There is a whole sub-genre of reality television dedicated to the stage parent. Often an adjacent celebrity, their claim to fame is often a gifted child. This child, usually a prodigy, shows signs of brilliance in fields that usually require decades of practice to master. So the parent quits their job, moves states and finds the best environment to help that child go from prodigy to master.
Children however gifted, are children. And all children require a firm hand. Often, a child’s ‘giftedness’ becomes a hindrance to their overall development and because the gifted child is the primary source of income or relevance or validation, the stage parent is willing to overlook… a lot.
Like all parents, literary stage parents are emotionally invested in the advancement of their gifted children. Provided there is outward evidence of this advancement, however minute, stage parents are happy, ecstatic even and will ignore personal development provided there is the illusion of success. Stage parents will violently protect the chances of their prodigy excelling, will push them to opportunities that might mean advancement, even when they are clearly not ready.
This suspension of disbelief, this blind confidence in a personal assumption in the face of glaring reality is what makes stage parent centric reality shows so fantastic, often at the expense of the gifted child.
In the literary world we have hundreds, maybe thousands of stage parents.
Every literate person can write. Without exception.
Not every literate person can create.
I personally believe that stories, poems and other forms of the written word are alive. I believe that writers, poets and playwrights are only vessels, or channels or gestation pods (if sci-fi is your thing) for these stories. Stories/poems and plays are living things because they outlive their creators, take on their own personalities and relate with people individually, making vastly different impressions on them. They are beautiful and wild.
And what science tells us, after centuries of capturing wild animals for our amusement, curiosity and concern, is the best way to let a wild thing thrive is to set it free.
Very few of us are confident in our ability to create a good story. We often find out we are able to do this by accident. The default response to this discovery for the writer is self doubt, after all when a story idea is born, it is a tiny, ugly, utterly dependent thing. Inferior language means that it is incoherent and needs to be spoken for, a weak plot means that it cannot carry itself to its destination, poor characterization means it has no personality.
The writer hides this newly born story away and frets over it, quietly grooming it, till it becomes big and sturdy, ready to stand as its best possible self. By the time this baby idea is full grown into a bonafide poem/story, the writer is often already pregnant with the next one. He/She presents this child to the world, equipped to take on its praise and criticisms as a wholly independent, living, wild thing.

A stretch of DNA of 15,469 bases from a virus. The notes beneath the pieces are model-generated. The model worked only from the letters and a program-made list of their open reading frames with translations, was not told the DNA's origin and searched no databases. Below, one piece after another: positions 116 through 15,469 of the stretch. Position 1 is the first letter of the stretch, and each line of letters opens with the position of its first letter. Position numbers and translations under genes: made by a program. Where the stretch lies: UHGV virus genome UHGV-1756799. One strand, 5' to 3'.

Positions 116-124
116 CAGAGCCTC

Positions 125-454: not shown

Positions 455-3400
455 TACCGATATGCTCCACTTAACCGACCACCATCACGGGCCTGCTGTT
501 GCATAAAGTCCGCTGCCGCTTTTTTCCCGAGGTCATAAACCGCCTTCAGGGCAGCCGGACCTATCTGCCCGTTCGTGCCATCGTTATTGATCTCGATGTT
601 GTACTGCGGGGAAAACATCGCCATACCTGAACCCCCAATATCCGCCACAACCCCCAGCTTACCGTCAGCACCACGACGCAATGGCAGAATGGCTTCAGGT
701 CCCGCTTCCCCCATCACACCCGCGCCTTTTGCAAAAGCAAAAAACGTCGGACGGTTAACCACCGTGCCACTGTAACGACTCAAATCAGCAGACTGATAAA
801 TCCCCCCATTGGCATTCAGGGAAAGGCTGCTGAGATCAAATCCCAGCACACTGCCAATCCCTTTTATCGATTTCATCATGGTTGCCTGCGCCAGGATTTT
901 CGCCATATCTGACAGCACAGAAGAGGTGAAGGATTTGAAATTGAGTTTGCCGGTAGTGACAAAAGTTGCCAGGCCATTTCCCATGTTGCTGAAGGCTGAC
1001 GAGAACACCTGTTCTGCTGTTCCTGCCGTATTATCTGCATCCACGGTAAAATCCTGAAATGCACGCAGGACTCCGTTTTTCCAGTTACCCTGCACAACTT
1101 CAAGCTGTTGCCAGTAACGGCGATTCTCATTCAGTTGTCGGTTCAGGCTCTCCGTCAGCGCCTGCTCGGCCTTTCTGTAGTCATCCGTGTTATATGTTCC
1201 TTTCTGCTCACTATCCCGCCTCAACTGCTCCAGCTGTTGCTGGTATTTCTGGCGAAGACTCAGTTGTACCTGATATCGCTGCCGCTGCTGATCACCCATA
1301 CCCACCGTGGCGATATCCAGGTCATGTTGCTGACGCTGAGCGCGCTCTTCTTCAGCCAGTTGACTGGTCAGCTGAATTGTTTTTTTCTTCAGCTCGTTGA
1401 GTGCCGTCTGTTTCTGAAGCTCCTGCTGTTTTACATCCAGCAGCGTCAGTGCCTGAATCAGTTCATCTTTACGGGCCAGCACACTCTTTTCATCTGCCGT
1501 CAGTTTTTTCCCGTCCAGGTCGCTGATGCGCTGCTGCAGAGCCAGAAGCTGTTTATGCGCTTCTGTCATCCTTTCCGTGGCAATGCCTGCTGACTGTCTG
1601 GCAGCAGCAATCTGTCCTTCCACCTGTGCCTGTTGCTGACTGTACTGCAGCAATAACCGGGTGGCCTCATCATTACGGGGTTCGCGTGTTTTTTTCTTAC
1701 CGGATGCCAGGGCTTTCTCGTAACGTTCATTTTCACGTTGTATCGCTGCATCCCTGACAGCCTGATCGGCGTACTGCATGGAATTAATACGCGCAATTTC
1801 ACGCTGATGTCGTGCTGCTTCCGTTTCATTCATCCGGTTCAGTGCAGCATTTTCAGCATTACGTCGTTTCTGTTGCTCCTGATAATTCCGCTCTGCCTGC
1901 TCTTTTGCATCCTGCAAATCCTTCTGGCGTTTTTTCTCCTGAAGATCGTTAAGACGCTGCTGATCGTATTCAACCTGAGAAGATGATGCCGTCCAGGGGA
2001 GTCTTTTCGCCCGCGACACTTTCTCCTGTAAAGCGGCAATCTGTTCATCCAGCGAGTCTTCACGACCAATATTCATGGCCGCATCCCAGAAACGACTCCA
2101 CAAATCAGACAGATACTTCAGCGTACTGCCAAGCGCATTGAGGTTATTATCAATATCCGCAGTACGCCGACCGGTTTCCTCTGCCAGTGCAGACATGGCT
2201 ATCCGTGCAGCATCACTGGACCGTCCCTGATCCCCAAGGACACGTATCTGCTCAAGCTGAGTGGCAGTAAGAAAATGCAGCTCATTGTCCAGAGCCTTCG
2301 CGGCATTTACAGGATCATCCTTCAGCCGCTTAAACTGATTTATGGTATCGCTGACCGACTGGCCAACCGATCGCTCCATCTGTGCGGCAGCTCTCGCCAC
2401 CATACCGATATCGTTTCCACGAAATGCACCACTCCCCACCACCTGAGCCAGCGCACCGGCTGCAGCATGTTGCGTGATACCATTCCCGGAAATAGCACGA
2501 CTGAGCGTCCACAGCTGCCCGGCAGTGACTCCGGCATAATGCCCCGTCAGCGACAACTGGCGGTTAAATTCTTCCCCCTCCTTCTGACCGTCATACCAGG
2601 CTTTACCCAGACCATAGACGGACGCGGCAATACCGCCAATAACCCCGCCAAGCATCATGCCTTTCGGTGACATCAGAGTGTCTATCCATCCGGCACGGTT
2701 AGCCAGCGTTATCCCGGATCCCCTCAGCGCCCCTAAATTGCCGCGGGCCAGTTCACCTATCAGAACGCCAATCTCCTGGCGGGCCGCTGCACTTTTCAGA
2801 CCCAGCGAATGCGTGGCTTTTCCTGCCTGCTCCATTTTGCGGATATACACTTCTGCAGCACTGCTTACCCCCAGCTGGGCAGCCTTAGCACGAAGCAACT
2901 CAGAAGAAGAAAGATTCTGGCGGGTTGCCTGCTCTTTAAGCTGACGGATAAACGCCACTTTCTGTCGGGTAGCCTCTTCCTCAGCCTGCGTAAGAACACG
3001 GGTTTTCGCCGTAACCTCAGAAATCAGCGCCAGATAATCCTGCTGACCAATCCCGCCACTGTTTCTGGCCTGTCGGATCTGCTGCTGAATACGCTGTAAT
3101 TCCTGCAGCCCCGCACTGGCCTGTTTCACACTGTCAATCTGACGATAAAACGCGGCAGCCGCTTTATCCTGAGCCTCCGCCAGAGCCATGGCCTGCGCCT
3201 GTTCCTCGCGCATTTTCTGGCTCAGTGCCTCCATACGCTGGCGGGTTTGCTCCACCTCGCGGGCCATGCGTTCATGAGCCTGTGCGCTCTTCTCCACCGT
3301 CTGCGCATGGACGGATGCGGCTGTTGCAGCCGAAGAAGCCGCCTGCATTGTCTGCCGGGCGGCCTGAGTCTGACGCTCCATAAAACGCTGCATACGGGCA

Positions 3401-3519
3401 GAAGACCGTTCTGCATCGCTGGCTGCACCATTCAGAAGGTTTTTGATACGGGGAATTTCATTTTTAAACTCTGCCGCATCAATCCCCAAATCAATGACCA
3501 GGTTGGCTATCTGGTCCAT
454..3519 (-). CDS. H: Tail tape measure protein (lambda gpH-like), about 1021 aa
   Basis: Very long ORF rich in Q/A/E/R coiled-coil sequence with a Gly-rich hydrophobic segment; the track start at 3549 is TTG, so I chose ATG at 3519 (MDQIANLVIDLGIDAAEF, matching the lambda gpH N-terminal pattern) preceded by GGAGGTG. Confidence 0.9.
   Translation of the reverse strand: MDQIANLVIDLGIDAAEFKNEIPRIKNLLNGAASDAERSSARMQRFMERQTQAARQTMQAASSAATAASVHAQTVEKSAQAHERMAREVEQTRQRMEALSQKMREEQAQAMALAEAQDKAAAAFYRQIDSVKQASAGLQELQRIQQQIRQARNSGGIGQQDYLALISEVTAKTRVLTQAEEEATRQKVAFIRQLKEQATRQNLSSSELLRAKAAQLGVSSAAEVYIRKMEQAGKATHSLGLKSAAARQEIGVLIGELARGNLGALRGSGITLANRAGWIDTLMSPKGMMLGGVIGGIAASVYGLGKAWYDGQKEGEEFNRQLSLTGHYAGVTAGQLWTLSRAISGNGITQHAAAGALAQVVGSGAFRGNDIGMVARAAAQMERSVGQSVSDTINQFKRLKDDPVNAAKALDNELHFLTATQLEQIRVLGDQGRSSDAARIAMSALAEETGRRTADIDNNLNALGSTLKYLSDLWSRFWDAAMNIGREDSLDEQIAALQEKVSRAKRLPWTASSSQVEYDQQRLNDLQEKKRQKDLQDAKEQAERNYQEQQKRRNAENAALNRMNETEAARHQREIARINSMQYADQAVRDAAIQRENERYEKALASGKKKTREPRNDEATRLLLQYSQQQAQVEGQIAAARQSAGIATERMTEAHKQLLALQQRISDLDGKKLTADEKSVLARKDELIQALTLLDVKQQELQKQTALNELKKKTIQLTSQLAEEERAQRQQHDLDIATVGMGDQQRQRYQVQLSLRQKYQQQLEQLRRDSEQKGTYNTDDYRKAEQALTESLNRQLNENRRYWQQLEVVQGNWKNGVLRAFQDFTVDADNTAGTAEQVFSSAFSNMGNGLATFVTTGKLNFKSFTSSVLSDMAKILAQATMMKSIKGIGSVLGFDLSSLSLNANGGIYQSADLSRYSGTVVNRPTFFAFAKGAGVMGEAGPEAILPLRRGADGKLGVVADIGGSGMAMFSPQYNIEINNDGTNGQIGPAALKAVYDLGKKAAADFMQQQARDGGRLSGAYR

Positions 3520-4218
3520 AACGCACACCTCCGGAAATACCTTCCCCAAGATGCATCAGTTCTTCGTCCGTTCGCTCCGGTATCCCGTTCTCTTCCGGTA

The literary stage parent is in no way ready to let go.
Often the lit stage parent has been anointed by a consensus of their peers, or comes from a great lineage of excellent story tellers. Sometimes the literary stage parent, after a bout of bareness is ambushed by a fantastic story. The literary stage parent wants desperately for this child to continue this lineage of greatness, or serve as a trophy, a rebuff for all the people who mocked their bareness. Most of all the literary stage parent believes completely in the potential greatness of their story.
So they coddle the story, indulge it until it is a crippled, disheveled thing, incapable of independence, fragile to external scrutiny.
But even the most disadvantaged of stories have that primal need to find their place in the world, a world that is painfully saturated with brilliant gifted stories, where disadvantage is unwelcome. So literary stage parents put their stories in the cushy wheel chair of a heavily censored platform and prop them up with annotations and disclaimers. They elbow their way into the world, speaking for their stories, challenging anyone who dares to point that their stories are unfinished, disadvantaged or at the worst, glorified sock puppets for their custodian’s personal ambitions.
A story cannot be stage managed, shouldn’t be. Because the best stories make their own destinies. They define their own place in the world. The literary stage parent thinks too small for their story, underestimates its resilience and tenacity. But more commonly, the literary stage parent thinks too big, too soon.
Not every story is a potential pulitzer winner, not every story should be. Some stories will resonate with millions, some will resonate with one person. This is not for you as the writer to decide. What you can do is equip a story as best you can, for as long as you need to, until you are sure there is nothing else you can do to make it better.
Then get it published.